An Update on 'Little People, Big World' Star Matt Roloff's Health

Matt Roloff suffers from a different type of dwarfism than ex-wife Amy and son Zach, creating different health challenges for him.

Kelly Corbett - Author

Apr. 2 2024, Published 8:00 p.m. ET

Matt Roloff
Source: Instagram / @mattroloff

TLC's Little People's Big World follows Matt, Amy, and their son, Zach Roloff, who were all born with dwarfism.

Due to their limited stature, they've faced various medical issues less common in people of average height. The family has navigated numerous health challenges over the years. But now that Matt and Amy are getting older and are both in their sixties, they're starting to run into issues more frequently.

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During a Season 25 episode of Little People, Big World, Matt had a health scare after a routine upper endoscopy went awry, and there were concerns he had esophageal damage.

So, what exactly happened to Matt and how is he doing today? Plus, we take a look into Matt's medical history, which included several corrective surgeries throughout his lifetime, and how his dwarfism differs from the type his ex-wife and son have.

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What happened with Matt Roloff's esophagus?

In May 2023, Matt visited the doctor for a routine endoscopy after experiencing a sensation of his esophagus closing off, and producing a significant amount of phlegm. In response to these symptoms, Matt underwent a routine upper endoscopy, a procedure that uses a thin, camera-equipped tube to examine the upper digestive system. This particular incident was shown in an episode of Season 25 of Little People, Big World.

But just a few minutes into the procedure, doctors alerted Matt's fiancée Caryn Chandler, that there had been a complication. She was told that they were afraid they had perforated the wall of Matt's esophagus.

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They quickly ran some tests to check his esophagus and confirmed that it hadn't been punctured. However, doctors came to an unexpected realization: Matt's esophagus was too large for his body.

Despite Matt's small stature, doctors discovered he has a normal-sized esophagus. This unexpected size difference caused the esophagus to become kinked.

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In a confessional, Caryn explained to Matt, "So [the doctor] said yours is longer than your body can handle, so it's pushed to the side. .... poor little esophagus all crammed in there and kinked over."

Additionally, doctors identified that Matt had significant acid reflux damage.

Matt explained that the doctors did "stretch" his esophagus out to alleviate the closed-off feeling he was having, which was a plus. However, this seemed to only be a temporary solution.

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Fortunately, Matt appeared to bounce back quickly from this health scare involving his esophagus, revealing on Instagram at the time that he only took a few days off from work. However, he did note that "more work" needed to be done on him medically, although he didn't clarify what that entailed.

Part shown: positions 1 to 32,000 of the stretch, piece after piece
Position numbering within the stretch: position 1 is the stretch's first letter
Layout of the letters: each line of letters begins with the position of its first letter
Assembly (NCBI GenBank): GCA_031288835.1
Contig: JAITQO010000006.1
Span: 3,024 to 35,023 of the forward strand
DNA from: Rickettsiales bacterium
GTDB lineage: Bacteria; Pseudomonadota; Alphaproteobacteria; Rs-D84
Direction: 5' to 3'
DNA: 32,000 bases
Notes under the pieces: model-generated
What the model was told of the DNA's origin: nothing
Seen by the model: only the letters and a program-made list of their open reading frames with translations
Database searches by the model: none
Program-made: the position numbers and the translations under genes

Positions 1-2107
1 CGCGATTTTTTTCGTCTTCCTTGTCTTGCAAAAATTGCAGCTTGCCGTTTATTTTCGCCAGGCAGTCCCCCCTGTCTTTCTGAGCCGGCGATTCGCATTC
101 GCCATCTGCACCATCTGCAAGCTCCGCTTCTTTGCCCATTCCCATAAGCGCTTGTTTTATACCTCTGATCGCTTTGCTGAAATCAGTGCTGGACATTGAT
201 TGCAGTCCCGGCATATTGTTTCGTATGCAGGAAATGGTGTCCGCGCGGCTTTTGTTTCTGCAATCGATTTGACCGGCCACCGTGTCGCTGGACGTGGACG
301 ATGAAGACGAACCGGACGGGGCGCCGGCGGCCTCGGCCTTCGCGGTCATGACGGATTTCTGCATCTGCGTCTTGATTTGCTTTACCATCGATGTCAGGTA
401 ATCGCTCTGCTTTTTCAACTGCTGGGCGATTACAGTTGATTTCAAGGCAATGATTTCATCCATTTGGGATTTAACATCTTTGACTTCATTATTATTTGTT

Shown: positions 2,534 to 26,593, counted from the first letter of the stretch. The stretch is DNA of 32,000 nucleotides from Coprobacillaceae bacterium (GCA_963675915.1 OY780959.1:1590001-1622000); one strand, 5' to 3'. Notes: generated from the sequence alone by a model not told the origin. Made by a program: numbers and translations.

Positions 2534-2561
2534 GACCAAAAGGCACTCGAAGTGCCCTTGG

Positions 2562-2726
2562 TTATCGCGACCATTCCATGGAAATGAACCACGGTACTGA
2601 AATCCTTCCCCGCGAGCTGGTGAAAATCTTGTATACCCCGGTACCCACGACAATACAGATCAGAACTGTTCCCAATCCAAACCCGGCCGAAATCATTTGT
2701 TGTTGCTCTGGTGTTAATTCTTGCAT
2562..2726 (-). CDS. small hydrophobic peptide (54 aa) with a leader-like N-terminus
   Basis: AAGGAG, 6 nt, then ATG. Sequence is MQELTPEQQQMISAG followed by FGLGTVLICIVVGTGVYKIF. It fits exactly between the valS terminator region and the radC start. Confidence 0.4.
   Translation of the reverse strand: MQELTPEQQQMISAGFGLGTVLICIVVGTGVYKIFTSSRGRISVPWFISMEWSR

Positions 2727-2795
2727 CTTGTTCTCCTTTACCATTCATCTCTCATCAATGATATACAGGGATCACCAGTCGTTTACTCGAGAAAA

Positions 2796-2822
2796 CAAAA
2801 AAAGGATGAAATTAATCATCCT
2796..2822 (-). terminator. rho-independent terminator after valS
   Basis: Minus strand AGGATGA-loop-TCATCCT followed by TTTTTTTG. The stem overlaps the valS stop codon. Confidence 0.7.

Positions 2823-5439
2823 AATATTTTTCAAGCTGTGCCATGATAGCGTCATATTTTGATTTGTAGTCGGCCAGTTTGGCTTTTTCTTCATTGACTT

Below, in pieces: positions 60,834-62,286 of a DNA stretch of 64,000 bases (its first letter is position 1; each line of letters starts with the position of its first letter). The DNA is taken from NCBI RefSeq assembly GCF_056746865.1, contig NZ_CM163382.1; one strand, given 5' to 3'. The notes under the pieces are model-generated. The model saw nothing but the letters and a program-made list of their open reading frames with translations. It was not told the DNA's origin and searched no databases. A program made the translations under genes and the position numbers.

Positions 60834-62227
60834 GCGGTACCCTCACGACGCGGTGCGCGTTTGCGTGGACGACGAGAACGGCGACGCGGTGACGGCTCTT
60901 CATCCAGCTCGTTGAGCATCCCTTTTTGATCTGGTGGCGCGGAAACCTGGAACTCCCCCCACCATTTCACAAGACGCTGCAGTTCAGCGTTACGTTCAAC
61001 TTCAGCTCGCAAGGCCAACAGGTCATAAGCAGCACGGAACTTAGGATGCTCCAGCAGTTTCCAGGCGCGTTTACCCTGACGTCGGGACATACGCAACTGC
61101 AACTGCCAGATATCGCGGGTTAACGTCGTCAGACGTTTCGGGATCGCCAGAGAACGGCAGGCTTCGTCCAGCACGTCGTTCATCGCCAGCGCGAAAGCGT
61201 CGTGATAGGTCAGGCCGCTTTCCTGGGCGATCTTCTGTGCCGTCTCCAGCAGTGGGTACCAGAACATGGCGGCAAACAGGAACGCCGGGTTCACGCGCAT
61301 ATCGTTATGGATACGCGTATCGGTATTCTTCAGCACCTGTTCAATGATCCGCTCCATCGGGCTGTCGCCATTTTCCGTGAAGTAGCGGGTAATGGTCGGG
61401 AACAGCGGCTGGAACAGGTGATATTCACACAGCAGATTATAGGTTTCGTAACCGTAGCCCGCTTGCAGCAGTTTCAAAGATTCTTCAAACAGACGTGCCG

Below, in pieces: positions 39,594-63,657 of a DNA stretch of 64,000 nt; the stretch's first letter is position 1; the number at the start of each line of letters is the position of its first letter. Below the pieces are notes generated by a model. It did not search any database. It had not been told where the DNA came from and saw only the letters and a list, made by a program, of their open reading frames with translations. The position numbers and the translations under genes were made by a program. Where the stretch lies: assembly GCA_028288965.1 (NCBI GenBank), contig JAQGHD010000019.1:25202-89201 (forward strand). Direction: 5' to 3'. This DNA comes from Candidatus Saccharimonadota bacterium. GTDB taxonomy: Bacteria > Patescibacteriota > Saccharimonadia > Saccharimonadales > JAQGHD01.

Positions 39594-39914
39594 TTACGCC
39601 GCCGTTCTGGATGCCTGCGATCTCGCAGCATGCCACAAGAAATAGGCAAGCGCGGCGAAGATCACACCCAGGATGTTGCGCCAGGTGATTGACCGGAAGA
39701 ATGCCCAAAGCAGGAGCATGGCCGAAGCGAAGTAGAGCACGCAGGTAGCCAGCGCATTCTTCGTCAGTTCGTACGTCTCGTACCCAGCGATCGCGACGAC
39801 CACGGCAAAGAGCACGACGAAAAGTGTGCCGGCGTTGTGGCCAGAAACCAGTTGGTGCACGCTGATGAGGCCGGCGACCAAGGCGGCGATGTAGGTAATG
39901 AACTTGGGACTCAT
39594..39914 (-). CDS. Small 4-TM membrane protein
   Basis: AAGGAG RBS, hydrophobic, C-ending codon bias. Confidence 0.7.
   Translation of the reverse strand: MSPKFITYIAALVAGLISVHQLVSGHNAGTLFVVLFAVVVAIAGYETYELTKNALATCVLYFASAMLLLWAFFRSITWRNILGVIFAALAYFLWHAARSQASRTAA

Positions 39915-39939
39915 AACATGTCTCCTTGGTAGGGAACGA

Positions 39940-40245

Matt appears to be in good health and has since recovered following this scary hiccup, but it's unclear if he's still struggling with health problems behind the scenes.

Matt Roloff had 15 corrective surgeries during his childhood, but still can't walk without crutches.

Amy and Zach suffer from the most common type of dwarfism, Achondroplasia. According to Boston Children's Hospital, people born with achondroplasia have short arms and legs, an enlarged head, and an average-sized trunk.

Meanwhile, Matt suffers from a type of dwarfism called Diastrophic Dysplasia, which is much more rare. It affects the normal development of cartilage and bone, often contributing to shortened limbs and mobility problems.

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Because of Matt's type of dwarfism, he needed many operations as a child on his limbs. In 2018, he revealed that he had 15 surgeries during his childhood on an episode of the podcast Reality Life with Kate Casey.

Matt Roloff
Source: Instagram / @mattroloff
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"I had a rough childhood. Not from a family perspective but just from orthopedic surgery, spending long periods — sometimes months — in a hospital with very limited access to your parents," Matt revealed, noting he spent over 700 days in the hospital as a result.

"It was just the way they did it back in those days and going through some very painful operations. So I do think all of that sort of built up a muscle of resiliency and gave me a sense of can-do and tenacity."

But despite all of the various corrective surgeries that Matt had in his formative years, he still can’t stand up straight or walk without the help of his crutches. Given today's advancements in technology, someone born today with Matt's type of dwarfism likely wouldn't need an extensive amount of operations like that.

That said, the high number speaks to how vastly different Diastrophic Dysplasia is from other types of dwarfism.

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As for Matt's family history, his parents Ron and Peggy and sister Ruth are of average stature. However, his younger brother Sam has the same form of dwarfism as him.

Matt also had another brother named Josh, who was born with a severe heart and lung defect. At the time, doctors weren't even sure if he would make it out of the hospital alive. Fortunately, he did, but Josh's medical challenges ultimately led to his early death at age 34 in 1999.

Watch Little People, Big World on TLC.

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